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What is a Currency Union?

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  • Written By: Malcolm Tatum
  • Edited By: Bronwyn Harris
  • Last Modified Date: 26 September 2016
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Also known as a monetary union, a currency union is a situation in which two or more national entities choose to utilize the same currency. A union of this type may be structured in several different ways, from allowing the use of the currency along with use of the national currency of each participating nation, or by agreeing to change over the currency system of each nation in order to make use of a central currency in financial transactions conducted by all the member nations. A number of examples of the currency union exist today, with additional unions under consideration by different groups of countries.

There are essentially three different types of currency unions that have been or are currently being considered for use in the world today. The most basic is known as the informal union. This approach tends to be the most simplistic, in that there is a full adoption of one of the currencies issued by a member nation for use in all the countries participating in that union. One of the more common examples of this approach has to do with nations that are considered properties of the United Kingdom. In this scenario, those countries utilize the British pound sterling as their currency of choice.

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A second approach to a currency union is known as a formal union. In this scenario, the participating nations also agree to adopt a foreign currency for use in each of their nations. The difference is that the usage of that foreign currency is conducted in tandem with domestic currency currently issued in each of the member countries. A formal approach is put into place with bilateral and multilateral agreements among the member nations that help to define the terms of use for the agreed upon foreign currency, while still affirming that each nation can and will continue to make use of their own currency within their borders.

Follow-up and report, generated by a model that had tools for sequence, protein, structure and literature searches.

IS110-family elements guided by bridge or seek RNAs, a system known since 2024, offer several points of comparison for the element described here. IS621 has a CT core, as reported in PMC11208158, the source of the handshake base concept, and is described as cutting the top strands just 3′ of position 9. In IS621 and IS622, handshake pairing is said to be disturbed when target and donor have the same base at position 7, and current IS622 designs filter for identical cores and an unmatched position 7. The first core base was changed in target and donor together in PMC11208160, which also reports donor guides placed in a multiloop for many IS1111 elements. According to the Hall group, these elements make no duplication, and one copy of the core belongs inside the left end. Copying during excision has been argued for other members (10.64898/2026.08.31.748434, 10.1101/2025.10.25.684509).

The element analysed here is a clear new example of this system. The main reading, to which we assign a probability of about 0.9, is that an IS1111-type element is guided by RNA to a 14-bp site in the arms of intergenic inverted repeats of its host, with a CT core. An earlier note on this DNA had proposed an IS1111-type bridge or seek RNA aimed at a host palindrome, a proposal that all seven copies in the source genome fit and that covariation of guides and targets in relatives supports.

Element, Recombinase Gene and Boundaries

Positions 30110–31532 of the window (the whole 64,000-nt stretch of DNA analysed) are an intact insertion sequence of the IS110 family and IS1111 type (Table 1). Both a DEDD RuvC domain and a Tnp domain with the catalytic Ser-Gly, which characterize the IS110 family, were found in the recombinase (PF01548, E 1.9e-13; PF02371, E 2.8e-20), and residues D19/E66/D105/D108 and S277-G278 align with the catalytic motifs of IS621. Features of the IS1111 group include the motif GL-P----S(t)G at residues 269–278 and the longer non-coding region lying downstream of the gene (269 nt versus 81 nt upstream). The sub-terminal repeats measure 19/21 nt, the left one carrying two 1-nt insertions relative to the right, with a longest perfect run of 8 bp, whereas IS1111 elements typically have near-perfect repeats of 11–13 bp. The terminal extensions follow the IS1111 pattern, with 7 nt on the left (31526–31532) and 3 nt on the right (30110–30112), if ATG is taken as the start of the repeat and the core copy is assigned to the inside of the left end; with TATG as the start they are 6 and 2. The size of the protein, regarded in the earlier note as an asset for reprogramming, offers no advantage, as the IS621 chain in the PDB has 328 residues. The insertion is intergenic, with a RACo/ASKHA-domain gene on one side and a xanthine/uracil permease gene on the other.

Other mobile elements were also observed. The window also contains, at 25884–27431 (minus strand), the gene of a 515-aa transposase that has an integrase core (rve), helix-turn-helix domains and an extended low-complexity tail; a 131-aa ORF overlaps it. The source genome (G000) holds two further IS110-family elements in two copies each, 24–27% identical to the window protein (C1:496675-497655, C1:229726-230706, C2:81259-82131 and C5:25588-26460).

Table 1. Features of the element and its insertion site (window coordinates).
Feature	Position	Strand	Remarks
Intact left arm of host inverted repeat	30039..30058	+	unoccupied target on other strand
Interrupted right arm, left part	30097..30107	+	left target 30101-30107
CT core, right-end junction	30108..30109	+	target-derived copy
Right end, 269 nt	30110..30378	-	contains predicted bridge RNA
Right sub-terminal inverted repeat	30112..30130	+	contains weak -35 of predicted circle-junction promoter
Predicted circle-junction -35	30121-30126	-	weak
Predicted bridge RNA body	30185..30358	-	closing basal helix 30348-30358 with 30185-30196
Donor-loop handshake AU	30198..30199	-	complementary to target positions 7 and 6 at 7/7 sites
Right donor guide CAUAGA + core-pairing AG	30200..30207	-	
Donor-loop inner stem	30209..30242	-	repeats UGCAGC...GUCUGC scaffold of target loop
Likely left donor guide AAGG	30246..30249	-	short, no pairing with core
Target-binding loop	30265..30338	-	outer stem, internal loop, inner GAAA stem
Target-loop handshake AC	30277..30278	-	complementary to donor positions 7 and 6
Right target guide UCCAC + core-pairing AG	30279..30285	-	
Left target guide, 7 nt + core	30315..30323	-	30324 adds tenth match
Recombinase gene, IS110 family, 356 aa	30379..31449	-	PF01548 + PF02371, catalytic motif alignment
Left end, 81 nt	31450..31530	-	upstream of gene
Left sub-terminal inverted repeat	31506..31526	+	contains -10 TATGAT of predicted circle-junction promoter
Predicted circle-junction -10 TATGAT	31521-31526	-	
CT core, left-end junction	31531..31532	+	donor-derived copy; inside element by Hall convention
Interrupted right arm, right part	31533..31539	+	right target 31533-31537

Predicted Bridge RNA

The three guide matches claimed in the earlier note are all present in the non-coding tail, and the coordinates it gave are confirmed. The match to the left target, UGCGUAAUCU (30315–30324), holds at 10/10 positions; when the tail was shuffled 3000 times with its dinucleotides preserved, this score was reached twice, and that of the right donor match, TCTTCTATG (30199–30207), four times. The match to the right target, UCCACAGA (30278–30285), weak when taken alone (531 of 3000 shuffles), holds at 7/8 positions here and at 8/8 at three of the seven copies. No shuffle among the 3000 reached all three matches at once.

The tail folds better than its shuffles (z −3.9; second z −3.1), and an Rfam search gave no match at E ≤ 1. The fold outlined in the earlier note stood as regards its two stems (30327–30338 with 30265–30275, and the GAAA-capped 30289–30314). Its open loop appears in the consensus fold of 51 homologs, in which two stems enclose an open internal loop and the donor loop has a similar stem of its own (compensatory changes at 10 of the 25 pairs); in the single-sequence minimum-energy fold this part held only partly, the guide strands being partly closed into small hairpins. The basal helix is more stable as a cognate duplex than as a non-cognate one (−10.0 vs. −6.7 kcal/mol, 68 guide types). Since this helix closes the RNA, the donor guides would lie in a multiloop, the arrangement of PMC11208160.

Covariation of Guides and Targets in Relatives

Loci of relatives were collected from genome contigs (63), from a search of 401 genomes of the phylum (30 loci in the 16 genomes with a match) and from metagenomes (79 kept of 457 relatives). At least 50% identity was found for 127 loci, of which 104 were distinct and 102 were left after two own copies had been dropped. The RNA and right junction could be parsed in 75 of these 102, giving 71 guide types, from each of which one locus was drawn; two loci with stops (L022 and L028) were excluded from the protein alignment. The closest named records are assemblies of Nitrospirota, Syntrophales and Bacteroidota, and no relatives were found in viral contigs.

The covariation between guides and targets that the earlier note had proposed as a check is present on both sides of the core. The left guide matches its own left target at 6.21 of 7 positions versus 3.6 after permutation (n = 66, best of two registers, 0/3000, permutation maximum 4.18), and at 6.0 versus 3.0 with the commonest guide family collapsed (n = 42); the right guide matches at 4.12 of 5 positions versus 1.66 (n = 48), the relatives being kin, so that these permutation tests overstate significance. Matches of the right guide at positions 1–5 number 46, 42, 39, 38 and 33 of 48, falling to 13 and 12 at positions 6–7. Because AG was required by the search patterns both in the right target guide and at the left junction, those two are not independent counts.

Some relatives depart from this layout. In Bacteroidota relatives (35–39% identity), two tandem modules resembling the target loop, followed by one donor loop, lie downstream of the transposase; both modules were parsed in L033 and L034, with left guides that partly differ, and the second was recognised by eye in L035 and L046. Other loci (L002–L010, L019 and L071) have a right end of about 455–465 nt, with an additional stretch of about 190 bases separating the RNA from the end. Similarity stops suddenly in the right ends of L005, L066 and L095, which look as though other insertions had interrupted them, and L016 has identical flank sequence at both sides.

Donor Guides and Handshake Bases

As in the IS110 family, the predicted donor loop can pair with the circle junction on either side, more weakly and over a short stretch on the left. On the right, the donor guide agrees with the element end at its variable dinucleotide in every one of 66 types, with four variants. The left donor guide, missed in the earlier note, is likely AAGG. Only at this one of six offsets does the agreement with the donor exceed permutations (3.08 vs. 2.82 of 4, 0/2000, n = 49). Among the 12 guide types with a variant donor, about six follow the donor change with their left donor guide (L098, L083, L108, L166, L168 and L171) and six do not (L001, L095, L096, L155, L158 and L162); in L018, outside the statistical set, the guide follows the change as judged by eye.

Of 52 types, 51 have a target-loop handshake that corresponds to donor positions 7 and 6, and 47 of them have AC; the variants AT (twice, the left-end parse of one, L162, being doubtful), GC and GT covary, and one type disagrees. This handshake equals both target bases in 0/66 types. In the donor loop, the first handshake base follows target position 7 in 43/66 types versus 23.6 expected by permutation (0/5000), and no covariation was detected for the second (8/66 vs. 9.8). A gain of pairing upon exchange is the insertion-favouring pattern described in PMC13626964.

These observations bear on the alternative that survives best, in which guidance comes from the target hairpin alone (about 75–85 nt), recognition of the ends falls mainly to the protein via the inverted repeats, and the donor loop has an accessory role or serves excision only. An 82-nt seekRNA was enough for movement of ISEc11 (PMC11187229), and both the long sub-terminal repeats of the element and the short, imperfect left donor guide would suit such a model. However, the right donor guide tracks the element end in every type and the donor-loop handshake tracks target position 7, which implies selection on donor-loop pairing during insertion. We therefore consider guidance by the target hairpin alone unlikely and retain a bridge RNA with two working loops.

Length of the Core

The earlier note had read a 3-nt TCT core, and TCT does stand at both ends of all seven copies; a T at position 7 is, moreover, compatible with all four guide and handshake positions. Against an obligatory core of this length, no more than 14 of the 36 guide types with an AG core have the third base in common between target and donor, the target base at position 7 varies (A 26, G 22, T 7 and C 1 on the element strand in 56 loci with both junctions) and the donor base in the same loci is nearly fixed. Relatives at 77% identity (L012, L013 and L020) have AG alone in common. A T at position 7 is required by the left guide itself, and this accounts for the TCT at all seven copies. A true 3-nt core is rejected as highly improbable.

It is also possible to structure a currency union with what is known as a formal with common policy approach. This strategy involves all the countries involved in the union developing a common monetary policy that includes creating an agreed upon process for issuing a common currency for the entire union. This is different from the formal approach, in that an entirely new currency is developed for use rather than simply affirming the use of a currency type that already exists among the collective. One of the most often cited examples of this approach is the Euro, although some member nations have over time adopted this currency as their own as well as the currency of choice for the European Union.

There are a number of benefits associated with a currency union, especially in terms of simplifying trade between the member nations. The strategy can promote trade among the countries involved, which in turn helps to strengthen the economy of each nation that belongs to the union. While there are many supporters for this type of union among nations, critics also note that there are potential drawbacks to the approach, specifically the potential for unfavorable economic conditions to develop in multiple nations if the common currency should begin to experience a downturn in the foreign exchange market.

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